On March 15, it will be two years. Two years since I walked. Since I was able to run and play with my son. I’ve been grieving that a lot lately. The day before I was injured, my husband and I took our then two and a half year old son on a walk with one of his outdoor cars, the kind you can sit on.
We took turns pushing him, and even though it was such an uncomfortable position to kneel down, I remember, we just had such a beautiful time together. It’s a memory I’ll always cherish because it was the last time I was able to run with him. The last time I could kneel down to his level so easily.
It’s all those future moments like that that we could have had that I am the most angry about. That I struggle with the most. I will never be able to go down a slide with Natasha like I was able to do with Yvann. My injury didn’t just change my life, but it forever altered the lives of my children.
I feel like I robbed my children of something simply by being their mother. That’s a crushing feeling to to deal with. That grief for the type of mother I thought I would be, the type of mother I wish so desperately I could be. I wish I could say, it’s been two years, I’ve coped, I’ve adjusted, but there are still difficult days where the grief and frustration surface again.
To be honest, most days are good. There are many days where I don’t think about it. I don’t think about the changes that have taken place in my body, I don’t compare myself to other parents, to other people.
And then there are the other days. The days that feel like my world is shattering all over again. A few days ago, I felt a low I haven’t felt in a very long time. Perhaps because of my pregnancy, and adjusting to life with a newborn, I haven’t had much time to think about me. Until I did. And it was awful with tears and anger and screaming all directed at my husband just because he happened to be in the room with me. I guess those days, even though they are few still happen. Maybe two years isn’t really all that long. It’s just hard sometimes.
I still struggle. I want to be able to say that paralysis doesn’t impact my life so much, but I write these types of posts because I needed them. I still do, and it’s hard to find.
I want to be honest. In case someone you know is going through this, maybe you can have some insight (everyone has a different experience, of course), or in case you are dealing with something similar. I’m also writing it for me because I need the reflection.
Coping with paralysis
It has been two years. In these two years, I have forgotten what it feels like to walk. I can’t imagine or fathom anymore what it felt like to move my legs. I can’t remember a day without pain either really. It stays, but I’ve become used to it. It’s like a thousand needles stabbing at my legs all day. Ironically, pain is one of the few sensations I still have in my legs. It reminds me they are still there though, so I suppose that’s a positive.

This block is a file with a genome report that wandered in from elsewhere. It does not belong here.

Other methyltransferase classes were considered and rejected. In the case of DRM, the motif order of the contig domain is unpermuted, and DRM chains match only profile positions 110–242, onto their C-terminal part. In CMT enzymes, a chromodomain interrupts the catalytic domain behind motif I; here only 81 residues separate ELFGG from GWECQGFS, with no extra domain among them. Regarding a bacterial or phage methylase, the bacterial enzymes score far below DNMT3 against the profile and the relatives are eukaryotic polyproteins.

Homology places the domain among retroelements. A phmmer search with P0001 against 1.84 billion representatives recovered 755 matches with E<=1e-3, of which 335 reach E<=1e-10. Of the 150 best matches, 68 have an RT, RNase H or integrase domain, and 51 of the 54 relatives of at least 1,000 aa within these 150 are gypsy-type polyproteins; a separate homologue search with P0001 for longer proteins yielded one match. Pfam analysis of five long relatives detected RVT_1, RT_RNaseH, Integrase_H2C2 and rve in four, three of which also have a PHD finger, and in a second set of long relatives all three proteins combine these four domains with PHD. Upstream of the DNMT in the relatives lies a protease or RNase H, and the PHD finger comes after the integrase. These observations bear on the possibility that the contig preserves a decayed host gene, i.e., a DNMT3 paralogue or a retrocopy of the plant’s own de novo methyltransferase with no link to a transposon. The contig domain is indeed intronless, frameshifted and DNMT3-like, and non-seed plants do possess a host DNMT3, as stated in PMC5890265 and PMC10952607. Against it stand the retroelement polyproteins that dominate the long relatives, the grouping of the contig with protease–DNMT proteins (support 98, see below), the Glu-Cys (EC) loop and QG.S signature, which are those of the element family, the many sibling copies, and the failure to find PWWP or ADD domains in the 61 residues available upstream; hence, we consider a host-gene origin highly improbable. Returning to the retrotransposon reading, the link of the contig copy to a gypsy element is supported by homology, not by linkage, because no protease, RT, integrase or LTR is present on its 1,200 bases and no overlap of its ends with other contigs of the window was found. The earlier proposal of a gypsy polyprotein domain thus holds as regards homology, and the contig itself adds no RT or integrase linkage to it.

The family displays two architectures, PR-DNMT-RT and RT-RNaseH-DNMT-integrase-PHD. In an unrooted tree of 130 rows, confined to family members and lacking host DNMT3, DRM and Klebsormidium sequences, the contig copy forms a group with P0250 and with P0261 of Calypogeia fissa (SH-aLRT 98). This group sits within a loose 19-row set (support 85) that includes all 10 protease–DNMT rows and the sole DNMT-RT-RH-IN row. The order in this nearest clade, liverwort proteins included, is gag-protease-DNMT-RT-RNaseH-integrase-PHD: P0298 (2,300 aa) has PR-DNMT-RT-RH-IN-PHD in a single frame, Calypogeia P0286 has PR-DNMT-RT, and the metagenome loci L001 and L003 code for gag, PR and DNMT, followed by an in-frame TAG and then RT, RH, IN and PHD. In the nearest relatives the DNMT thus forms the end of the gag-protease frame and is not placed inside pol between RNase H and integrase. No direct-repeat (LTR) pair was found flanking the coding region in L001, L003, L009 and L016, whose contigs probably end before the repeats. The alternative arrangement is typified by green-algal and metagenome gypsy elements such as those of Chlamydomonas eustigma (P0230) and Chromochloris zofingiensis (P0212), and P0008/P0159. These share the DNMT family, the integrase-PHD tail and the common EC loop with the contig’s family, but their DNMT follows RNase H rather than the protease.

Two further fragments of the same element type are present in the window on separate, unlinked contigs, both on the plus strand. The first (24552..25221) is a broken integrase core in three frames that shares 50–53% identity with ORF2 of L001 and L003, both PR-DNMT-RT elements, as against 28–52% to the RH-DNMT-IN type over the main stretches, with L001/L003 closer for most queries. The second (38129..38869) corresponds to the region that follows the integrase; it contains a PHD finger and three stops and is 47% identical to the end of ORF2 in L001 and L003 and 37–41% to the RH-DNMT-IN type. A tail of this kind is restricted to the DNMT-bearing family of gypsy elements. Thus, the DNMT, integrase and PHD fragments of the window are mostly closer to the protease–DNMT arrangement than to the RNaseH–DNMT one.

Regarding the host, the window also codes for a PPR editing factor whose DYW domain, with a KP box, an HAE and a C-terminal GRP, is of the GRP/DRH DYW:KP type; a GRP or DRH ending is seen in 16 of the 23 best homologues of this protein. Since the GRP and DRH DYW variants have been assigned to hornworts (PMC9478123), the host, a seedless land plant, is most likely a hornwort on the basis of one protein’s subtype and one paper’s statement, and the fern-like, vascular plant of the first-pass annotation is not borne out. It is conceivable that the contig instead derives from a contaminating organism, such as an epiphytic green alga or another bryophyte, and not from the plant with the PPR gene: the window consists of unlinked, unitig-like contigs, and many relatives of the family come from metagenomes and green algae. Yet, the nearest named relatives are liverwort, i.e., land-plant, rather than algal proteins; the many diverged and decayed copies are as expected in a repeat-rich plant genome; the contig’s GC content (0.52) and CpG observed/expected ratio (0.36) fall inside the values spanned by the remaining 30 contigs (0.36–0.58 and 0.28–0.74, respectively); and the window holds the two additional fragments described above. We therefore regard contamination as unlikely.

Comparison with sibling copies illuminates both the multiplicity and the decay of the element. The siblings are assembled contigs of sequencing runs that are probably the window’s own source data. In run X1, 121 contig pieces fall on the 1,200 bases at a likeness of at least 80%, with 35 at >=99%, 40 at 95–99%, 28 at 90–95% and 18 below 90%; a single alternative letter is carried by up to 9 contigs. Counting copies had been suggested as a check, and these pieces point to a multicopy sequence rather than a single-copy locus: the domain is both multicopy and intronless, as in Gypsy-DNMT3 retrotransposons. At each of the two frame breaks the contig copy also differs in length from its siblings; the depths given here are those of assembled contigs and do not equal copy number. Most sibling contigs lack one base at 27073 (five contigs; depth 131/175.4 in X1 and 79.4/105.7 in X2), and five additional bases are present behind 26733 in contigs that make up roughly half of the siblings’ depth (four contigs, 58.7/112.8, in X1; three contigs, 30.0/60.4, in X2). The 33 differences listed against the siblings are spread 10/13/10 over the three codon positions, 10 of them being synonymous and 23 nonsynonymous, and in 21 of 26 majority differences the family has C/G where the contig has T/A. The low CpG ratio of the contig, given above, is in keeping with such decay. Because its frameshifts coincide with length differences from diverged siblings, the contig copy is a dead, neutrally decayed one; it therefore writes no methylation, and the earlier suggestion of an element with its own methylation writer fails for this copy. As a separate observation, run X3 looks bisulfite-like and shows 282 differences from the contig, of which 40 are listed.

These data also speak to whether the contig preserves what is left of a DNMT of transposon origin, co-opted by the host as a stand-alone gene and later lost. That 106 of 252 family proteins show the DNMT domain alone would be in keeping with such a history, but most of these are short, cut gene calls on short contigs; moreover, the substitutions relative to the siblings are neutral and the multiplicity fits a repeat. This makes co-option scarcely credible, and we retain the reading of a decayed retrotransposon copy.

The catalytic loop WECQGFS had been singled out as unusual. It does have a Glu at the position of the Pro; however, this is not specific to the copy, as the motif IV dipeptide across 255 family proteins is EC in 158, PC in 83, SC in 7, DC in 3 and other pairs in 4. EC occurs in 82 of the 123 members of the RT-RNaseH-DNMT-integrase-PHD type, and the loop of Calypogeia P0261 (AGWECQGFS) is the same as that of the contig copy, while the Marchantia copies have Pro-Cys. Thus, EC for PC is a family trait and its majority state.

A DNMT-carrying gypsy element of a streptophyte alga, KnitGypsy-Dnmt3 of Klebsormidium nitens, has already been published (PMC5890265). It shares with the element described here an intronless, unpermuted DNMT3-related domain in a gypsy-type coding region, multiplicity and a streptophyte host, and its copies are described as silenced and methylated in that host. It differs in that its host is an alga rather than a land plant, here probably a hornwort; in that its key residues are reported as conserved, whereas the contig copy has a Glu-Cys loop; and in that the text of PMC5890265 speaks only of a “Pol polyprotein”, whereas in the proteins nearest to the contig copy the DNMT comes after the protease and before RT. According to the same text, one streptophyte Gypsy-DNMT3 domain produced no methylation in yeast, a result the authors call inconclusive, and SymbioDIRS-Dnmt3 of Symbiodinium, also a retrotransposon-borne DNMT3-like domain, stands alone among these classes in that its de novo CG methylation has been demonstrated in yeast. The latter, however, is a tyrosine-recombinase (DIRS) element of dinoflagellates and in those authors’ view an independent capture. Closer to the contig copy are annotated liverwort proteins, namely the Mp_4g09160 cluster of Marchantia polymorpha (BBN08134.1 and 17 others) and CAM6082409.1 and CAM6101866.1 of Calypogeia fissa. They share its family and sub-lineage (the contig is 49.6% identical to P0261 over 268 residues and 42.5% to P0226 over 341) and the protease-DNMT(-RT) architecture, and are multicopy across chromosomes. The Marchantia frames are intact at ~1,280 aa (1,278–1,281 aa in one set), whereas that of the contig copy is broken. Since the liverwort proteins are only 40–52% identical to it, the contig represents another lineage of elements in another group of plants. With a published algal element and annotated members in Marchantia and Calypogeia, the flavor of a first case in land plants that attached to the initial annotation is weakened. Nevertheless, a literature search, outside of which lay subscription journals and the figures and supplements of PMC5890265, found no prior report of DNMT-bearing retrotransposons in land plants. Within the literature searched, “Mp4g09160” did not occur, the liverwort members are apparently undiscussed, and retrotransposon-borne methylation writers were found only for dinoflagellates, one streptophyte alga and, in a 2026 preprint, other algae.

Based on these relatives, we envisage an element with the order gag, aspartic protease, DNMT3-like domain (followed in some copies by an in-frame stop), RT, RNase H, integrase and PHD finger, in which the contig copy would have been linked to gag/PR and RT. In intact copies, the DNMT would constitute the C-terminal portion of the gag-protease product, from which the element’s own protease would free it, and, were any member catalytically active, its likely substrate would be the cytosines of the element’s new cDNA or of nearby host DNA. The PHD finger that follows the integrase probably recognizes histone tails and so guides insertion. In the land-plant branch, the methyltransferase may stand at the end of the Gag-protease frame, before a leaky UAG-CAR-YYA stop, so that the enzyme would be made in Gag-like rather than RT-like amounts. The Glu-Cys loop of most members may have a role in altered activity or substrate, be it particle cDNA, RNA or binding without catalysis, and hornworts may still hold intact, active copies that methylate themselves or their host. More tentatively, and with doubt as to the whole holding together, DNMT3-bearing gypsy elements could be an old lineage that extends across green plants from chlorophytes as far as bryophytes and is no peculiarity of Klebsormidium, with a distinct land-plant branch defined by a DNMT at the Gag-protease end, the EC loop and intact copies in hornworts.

There’s always medications, of course. However, I’m nursing baby Natasha and many wouldn’t be safe for pregnancy or nursing. I was prescribed something very strong before, but the medications left me feeling drunk and that’s not an option with little children at home. It’s also not the way I want to live my life – in a drunk state, barely able to string together a coherent sentence.
So I accept the pain and try to bite through it. I try to rest when I can, but the best way I know to deal with it is to distract myself with all of the beautiful things I do have in my life. I keep myself busy all day with my children, with household tasks when I can do them, with this blog.
One of my biggest challenges has been losing the safety I feel in being able to go places because they are not made accessible for a wheelchair. I like to be independent and do everything I need or want to do easily. Our home is the only place I can do that. It is a sanctuary for me. Everything here is set up for ease of use for me. My husband is brilliant and has designed our home in a way so that I can function in it with our children.
The kitchen is low, the washing machine is at my level, the outlets are all placed at my height (meaning Natasha cannot reach them when she starts crawling/walking), the hallways are wide enough for me to pass, and everything I need is placed low. Even our bathrooms have two sinks – one for my husband and one for the kids and me.
That’s a nice consequence of my injury – our house needs to be modified so everything is low for me. That also means it is low for the children, which fits with our love of Montessori and encouraging independence in the children, such as a low sink that they can reach easier. Our house is still being renovated though, so we aren’t quite done with everything, but once it is finished, I will show you a house tour.
These modifications have been so important for me. The ability to function so easily in my home is one of the reasons I have been coping so well on most days. I have been able to carry out simple tasks like cooking and doing laundry because everything is accessible for me. We have a lovely ramp leading up to our front door that I can use with ease. Our toilets are the exact height of my wheelchair.
With our home set up in this way, I can feel confident again, feel like a wife and a mother. I feel like I have a purpose and can contribute to my home because I can manage it and take care of daily tasks with relative ease. When I was first in the hospital, recovering, and home, I was unable to care for myself or my family.